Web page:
Vitamin D & Green Tea

Vitamin D & Green Tea

Remember when we were children and our parents told us to go outside and play? It turns out they were again right of course. Sunshine is the main source of Vitamin D3. This form of Vitamin D helps to create and enhance the proper functioning of all healthy cells in the body. Vitamin D is particularly helpful in preventing breast, ovarian, prostate and colorectal cancer, and people living in the Northeast have been found to be deficient in this important vitamin.

In fact, as a breast cancer survivor, I take Vitamin D3 as a supplement each day and is a recommended by most oncologists. Some people metabolize D better than others, and the only way to know if you do is to have a simple blood test. If you choose to take a supplement, be sure to take D3 which is the naturally occurring form of D called cholecalciferol. Of course, you should always check with your doctor before taking any supplement. So back to my suggestion yesterday about walking…if the weather permits you to walk outside, consider it two points for prevention.

For another easy point, while you’re sunning yourself, sip a cup of tea. Although tea drinking has been associated with health benefits for centuries, only recently have its medicinal properties been investigated scientifically. Tea has a high content of flavonoids which are plant-derived compounds that are antioxidants.

Green tea is at the top of the list since it is the best food source of a group called catechins. This Superfood is more powerful than vitamins C and E in halting oxidative damage to cells and appears to have other disease-fighting properties. Studies have linked green tea with a reduced risk for several cancers, including, skin, breast, lung, colon, esophageal, and bladder.

Green tea has been used as a medicine for thousands of years, originating in China but widely used throughout Asia. Black tea is processed in a way that allows for fermentation whereas green tea’s processing avoids the fermentation process. As a result, green tea retains all maximum antioxidants and poly-phenols, the substances that give green tea its many benefits. Green tea also adds another important benefit to fitness; it increases metabolism and can help with weight loss.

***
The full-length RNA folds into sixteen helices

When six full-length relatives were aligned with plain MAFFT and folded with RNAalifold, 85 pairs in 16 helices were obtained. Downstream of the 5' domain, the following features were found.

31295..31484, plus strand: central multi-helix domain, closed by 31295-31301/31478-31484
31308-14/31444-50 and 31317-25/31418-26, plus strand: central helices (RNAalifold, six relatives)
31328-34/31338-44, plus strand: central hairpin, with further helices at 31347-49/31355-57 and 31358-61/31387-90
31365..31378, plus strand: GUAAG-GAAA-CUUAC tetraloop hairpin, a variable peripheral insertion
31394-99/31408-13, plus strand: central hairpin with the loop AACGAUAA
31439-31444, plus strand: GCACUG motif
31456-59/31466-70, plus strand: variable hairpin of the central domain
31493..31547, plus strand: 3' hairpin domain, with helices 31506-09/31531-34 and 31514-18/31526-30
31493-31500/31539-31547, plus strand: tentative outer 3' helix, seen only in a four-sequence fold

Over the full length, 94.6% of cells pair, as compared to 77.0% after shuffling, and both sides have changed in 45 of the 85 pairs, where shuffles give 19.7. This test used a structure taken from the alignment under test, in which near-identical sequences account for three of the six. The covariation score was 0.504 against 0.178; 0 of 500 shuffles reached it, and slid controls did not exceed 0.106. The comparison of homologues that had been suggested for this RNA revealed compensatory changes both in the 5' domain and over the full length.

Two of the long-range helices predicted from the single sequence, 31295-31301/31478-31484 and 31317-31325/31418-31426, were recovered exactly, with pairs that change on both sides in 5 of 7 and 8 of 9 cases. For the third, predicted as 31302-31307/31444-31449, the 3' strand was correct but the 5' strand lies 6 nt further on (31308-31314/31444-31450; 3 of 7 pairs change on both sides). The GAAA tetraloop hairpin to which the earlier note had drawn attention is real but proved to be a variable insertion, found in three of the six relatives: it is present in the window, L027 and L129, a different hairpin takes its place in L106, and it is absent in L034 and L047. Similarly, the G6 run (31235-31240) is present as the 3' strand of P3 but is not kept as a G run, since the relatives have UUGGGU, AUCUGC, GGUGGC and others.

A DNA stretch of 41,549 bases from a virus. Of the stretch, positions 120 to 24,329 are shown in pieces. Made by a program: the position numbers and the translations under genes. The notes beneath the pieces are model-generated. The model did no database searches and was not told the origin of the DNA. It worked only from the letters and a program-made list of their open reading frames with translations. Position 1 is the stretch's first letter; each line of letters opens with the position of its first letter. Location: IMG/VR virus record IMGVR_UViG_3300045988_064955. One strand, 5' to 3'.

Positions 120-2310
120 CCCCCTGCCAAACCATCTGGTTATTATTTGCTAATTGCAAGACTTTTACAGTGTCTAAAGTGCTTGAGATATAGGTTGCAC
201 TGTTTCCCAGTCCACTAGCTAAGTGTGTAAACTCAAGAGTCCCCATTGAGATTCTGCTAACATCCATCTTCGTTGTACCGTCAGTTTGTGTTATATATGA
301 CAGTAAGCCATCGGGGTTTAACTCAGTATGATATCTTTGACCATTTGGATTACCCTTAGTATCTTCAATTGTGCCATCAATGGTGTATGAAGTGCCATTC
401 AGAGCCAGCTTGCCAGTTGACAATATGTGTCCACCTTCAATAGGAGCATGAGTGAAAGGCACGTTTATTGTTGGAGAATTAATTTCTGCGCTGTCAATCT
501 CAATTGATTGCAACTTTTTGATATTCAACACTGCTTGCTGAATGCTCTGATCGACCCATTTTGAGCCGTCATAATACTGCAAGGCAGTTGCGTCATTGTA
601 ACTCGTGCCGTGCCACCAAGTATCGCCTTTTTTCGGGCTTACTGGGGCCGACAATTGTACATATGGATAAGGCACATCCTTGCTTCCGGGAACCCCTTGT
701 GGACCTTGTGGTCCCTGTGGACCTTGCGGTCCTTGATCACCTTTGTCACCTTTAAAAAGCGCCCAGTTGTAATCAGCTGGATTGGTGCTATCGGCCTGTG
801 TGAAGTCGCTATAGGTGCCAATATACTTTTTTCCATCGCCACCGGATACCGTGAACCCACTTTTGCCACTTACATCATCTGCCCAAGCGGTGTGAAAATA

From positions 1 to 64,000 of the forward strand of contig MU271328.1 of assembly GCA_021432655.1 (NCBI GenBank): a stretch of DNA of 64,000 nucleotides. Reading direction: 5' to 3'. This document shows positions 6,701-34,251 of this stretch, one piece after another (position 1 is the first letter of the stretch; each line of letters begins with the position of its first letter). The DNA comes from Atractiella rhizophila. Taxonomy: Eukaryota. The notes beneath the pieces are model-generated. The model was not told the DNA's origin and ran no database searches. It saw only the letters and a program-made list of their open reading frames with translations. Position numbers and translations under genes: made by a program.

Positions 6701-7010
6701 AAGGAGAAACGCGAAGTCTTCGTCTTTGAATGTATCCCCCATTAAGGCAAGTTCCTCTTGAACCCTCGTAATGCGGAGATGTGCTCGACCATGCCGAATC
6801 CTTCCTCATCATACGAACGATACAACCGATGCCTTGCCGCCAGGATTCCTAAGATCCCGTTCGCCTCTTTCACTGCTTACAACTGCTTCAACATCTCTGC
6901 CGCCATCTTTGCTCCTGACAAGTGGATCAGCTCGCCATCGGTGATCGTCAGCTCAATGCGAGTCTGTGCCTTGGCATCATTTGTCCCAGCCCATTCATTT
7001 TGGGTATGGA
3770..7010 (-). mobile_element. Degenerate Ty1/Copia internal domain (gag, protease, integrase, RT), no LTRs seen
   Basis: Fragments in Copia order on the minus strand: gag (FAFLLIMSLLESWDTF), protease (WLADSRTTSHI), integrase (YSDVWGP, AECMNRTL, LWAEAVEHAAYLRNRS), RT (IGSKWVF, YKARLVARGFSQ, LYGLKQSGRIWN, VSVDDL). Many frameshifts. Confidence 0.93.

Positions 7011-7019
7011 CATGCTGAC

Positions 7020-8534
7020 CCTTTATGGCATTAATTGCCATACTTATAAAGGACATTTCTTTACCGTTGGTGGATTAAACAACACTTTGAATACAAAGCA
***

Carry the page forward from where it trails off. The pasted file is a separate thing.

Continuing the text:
How much green tea has been found to help? Three cups appears to be the recommended amount per day. Green tea should steep for three to five minutes to bring out its catechins. Decaffeinated, bottled ready-to-drink tea preparations, and instant teas have less of these compounds. Often I hear the argument among tea drinkers that green tea is not as flavorful as black. A friend offered a solution…add a bag of green tea to your cup of black.

Additional benefits for regular consumers of green and black teas include a reduced risk of heart disease. The antioxidants in green, black, and oolong teas can help block the oxidation of LDL (bad) cholesterol, increase HDL (good) cholesterol and improve artery function. A Chinese study published recently in the Archives of Internal Medicine showed a 46%-65% reduction in hypertension (high blood pressure) risk in regular consumers of oolong or green tea, compared to non-consumers of tea.

So cheers to my British friends. Save time for tea. It’s not only relaxing but good for your health!

2018-01-24T14:40:52+00:00 January 24th, 2018|Exercise & Physical Fitness, Living Beyond|

About the Author:

Judy Fitzgerald holds a BS in Chemistry from Providence College. She also serves as a Consumer Advocate for the Department of Defense Breast Cancer Grant Program and is a Ford Warrior in Pink.

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